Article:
11/02/20 8:02 pm

When designing a “smart” device for the Internet of Things (IoT), you need to ensure that consumers are able to monitor and control their devices from the internet regardless of where its location may be. 

You will need to determine whether your device will use WiFi, cellular, Bluetooth or LoRa. Additionally, there are four technology rating categories to consider: transmission speed, effective distance, power requirement and setup complexity. 

Transmission speed- Transmission speed is the maximum speed that any device will be able to send and receive data. High speeds are critical for transmissions with high data rates such as pictures and video, but less important for low-data streams like text.

Effective distance– Effective distance measures how far from the router the product can be and still be able to send data to it as well as receive data from the server. When designing this product, it is important to know how far it is intended to be from the router while still effectively receiving data.

Power Requirement- Different communication technologies have different power requirements, such as batteries or AC chargers. In some cases, large battery packs or rechargeables may be an option.

Setup Complexity- With some products, especially consumer products, there’s an expectation that any user can take them out of the box, connect them, and be ready to go. However, there are IoT implementations that require a knowledgeable setup team.

Sound Economic FutureWhich IoT Communication Technology Is Best?

WiFi has a high transmission speed and can adequately cover the area of most homes, small business or industrial buildings. It’s a top choice for data-intense streaming. Most devices usually need Alternating Current (AC) power and the setup for it can be done relatively easy, especially if WiFi is already present.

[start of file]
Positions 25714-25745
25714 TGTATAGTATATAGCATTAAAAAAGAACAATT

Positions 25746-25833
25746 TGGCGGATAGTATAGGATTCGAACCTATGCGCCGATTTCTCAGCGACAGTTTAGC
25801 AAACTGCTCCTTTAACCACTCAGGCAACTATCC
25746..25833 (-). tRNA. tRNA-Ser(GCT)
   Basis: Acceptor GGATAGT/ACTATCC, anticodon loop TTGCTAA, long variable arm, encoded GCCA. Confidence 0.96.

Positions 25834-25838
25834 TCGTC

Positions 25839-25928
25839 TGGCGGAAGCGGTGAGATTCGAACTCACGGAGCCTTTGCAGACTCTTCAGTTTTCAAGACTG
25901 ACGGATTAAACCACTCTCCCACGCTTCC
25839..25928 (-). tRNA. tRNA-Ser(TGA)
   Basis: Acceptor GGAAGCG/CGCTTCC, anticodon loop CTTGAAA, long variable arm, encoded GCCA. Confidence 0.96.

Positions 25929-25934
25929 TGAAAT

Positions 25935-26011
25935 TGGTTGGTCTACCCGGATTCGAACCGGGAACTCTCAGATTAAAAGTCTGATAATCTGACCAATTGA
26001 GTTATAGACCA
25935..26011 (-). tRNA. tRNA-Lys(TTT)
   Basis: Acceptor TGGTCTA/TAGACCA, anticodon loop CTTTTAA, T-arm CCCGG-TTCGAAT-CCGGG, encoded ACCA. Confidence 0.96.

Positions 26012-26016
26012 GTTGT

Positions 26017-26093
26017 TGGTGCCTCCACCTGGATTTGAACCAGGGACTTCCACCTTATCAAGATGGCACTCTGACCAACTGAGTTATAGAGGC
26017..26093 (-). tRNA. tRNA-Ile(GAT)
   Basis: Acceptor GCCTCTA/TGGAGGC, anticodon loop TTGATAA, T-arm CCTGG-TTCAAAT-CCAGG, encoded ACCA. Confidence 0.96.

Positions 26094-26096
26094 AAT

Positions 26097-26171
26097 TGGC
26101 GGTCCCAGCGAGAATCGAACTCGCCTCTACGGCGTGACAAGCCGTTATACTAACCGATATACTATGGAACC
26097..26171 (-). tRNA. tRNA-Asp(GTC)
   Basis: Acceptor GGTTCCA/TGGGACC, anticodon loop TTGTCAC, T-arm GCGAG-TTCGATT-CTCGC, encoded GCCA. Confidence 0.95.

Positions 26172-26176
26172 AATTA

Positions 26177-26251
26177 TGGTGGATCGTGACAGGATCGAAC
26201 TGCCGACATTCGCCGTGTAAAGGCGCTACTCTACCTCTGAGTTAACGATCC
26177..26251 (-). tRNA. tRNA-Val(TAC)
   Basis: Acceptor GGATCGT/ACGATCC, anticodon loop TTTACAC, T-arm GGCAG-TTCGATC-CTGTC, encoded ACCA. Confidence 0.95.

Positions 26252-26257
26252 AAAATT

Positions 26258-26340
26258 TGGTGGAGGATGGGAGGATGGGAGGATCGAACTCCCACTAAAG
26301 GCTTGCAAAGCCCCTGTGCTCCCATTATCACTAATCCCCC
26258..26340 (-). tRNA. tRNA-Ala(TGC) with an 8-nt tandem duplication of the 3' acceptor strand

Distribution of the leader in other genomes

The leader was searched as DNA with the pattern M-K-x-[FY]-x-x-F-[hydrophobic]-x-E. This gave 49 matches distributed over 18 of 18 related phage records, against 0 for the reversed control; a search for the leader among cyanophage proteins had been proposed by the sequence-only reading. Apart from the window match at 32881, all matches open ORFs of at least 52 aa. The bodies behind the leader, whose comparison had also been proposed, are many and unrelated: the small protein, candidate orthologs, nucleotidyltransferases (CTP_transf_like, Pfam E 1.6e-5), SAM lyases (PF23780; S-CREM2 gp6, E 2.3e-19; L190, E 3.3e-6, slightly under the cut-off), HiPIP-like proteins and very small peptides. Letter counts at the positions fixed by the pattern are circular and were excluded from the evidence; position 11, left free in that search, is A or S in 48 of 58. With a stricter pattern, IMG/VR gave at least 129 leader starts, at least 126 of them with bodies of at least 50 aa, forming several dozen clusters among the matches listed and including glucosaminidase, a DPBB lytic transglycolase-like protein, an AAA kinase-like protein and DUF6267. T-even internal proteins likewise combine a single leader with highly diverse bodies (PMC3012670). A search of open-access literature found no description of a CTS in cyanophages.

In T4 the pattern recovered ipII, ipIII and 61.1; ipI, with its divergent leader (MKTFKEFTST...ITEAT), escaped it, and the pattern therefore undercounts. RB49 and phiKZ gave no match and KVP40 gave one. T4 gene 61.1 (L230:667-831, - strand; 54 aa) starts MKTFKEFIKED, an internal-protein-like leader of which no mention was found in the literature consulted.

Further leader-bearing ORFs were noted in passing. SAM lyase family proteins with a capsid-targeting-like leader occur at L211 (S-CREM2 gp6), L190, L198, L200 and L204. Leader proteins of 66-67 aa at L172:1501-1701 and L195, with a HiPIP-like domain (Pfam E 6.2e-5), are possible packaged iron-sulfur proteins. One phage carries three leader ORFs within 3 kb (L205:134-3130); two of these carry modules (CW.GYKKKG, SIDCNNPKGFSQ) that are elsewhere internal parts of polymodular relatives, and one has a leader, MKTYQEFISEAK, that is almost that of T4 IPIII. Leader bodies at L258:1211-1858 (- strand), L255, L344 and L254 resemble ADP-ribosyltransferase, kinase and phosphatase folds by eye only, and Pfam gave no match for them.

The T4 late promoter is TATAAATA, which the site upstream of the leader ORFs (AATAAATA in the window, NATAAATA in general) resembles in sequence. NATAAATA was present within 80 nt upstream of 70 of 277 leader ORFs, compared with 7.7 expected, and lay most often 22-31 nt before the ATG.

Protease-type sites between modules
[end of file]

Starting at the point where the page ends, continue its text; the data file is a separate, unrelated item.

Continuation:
Mesh networks such as Zigbee cost more than simple WiFi and require experts to set up. They have constant power-on requirements and are slower than WiFi but cover more distance, as signals can hop from device to device across the network. Although Bluetooth does not cover much distance, it is inexpensive, simple and battery-operated.Using low power radio-waves bluetooth and bluetooth compatible devices need to be within close proximity of one another to work.

LTE cellular, the technology in smartphones, sets up easily and has high transmission speed. It has to be on a network, so costs can soar with high usage. You would need frequent recharge or massive batteries. LTE cellular covers a lot more distance and is great for remote devices on the move. NB IoT, or narrow band, is cellular that’s more like a landline in that it can’t travel. Since it’s a narrower band it won’t handle as much data as LTE does. It runs best on AC and is good in a non-mobile remote site such as a wind farm.

LoRa (long range radio) is fairly new, and can be thought of as the cable version of cellular. It consumes less power and covers more distance but its bandwidth is limited. The distance can be a little better than cellular and there’s an advantage over cellular and WiFi in that LoRa can travel through metal.

Ciqada for IoT Implementation

Ciqada is an Internet of Things end-to-end solution. It’s a suite of hardware and software that supports your IoT product build. Ciqada technology provides solutions for product developers to quickly, securely and easily connect their products to the internet. Contact Mars International or call 908-233-0101 to learn how Mars can support your development process.